One of the best methods of control of mealybugs is to purchase plants that are not infested with mealybugs. The little bugs can hide in the root system of a plant purchased in a store. Whenever I introduce new plants to our garden, I first take the plant out of the pot and remove all of the soil Then wash the roots of the plant in half-alcohol, half-water and repot it in your own soil mix. Many commercial growers discard plants infested with mealybug. They figure it is easier to grow a new plant than to try and rescue them. There are some really strong insecticides that can be used to kill mealybug, but alcohol and water is easier and safer.

Some growers employ mealybug killers. Their job is to scrape the mealybugs off the plants. The little bug has red blood, which is used as a red dye. I once had a call from a lady who was frantic. She said her cactus plant was bleeding to death...said there was red blood all over the plant! It took me at least 10 minutes to convince her that cactus plants do not have red blood inside them. Her plant was totally infected with mealybug and could not be saved.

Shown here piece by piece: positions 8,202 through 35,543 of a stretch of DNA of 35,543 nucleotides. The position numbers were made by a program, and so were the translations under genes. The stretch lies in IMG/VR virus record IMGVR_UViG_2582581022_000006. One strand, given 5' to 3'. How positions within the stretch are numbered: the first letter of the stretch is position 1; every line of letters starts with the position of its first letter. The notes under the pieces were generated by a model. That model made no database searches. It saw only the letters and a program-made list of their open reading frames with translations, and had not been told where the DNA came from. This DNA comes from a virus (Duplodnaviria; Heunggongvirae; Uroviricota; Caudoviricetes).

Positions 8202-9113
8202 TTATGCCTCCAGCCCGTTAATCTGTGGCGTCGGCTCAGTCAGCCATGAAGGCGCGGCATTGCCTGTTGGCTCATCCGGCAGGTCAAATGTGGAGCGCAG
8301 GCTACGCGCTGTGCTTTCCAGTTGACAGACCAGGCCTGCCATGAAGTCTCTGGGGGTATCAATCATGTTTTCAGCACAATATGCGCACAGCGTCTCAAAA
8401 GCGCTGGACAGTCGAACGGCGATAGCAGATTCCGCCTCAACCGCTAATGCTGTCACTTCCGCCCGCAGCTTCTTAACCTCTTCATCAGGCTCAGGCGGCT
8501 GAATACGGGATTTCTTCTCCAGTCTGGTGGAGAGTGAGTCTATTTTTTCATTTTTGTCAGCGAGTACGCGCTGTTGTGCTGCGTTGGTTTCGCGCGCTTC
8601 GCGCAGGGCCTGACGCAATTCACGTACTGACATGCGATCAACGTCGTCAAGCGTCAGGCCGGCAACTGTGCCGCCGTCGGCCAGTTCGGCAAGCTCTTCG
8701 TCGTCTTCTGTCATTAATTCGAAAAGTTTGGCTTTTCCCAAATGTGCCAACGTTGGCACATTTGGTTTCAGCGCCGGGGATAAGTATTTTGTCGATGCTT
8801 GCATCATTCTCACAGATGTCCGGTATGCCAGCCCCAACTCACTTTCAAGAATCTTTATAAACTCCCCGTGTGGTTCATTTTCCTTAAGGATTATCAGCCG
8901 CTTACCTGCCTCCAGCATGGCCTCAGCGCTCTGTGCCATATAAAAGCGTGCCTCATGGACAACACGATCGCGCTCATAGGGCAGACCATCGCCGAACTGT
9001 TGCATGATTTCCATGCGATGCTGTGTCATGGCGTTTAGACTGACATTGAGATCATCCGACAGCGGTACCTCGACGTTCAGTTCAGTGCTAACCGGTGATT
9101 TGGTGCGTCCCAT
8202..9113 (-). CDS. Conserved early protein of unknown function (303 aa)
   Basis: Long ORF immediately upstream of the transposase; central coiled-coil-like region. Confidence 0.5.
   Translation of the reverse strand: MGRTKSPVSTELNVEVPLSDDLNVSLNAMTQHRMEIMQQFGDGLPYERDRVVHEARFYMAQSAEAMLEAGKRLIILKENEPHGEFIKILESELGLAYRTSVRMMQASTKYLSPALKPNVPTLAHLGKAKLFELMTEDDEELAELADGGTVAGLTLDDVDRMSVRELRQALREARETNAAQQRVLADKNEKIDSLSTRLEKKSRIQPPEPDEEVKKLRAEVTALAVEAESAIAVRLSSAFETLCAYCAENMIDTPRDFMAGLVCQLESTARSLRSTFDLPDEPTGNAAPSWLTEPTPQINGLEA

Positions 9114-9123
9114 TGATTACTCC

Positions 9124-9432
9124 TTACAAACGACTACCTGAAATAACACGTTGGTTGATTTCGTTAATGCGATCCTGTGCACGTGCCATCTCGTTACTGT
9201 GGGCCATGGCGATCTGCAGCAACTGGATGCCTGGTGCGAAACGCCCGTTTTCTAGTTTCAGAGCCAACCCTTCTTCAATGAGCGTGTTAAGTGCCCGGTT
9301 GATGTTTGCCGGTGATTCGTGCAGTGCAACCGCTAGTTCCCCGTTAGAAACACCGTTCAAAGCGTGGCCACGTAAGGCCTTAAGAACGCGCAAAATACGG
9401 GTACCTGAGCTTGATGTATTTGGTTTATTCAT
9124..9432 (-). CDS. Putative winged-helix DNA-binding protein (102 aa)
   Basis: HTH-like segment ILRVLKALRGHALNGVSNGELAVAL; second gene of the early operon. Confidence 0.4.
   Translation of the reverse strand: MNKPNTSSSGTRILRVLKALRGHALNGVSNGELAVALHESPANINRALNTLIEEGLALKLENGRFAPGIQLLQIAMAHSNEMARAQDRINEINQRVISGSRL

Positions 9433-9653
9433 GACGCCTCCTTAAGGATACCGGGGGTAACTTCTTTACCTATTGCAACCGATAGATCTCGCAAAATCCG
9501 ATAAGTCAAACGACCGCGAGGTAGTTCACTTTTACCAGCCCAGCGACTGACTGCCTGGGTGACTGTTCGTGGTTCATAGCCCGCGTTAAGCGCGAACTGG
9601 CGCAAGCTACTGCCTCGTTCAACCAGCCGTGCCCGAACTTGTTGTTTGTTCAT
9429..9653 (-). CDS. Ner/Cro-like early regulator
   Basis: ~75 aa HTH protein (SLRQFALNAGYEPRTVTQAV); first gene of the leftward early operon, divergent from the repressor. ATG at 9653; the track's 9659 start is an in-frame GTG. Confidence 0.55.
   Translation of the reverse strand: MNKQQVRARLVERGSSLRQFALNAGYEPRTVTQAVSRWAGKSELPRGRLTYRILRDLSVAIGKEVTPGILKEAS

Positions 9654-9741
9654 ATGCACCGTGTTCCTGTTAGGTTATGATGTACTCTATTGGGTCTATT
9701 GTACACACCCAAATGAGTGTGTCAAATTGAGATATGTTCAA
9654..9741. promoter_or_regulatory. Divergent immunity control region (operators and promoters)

Do not let mealybugs get a start in your greenhouse or in your potted plant display in the dining room. They can take over the whole place in a week. 1999, Arizona Cactus.

For an autographed copy of David L. Eppele's On The Desert, Volume 2 send a check for $17.00 to Arizona Cactus, 8 Cactus Lane, Bisbee, Arizona 85603. Cactuseros will delight in learning that the book was banned in Spain days before publication:) Eppele said the book may also be banned in Colombia and parts of Nebraska.

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From the St Louis Newsletter

Plant of the Month by Leo Martin

Monvillea (Britton and Rose, 1920)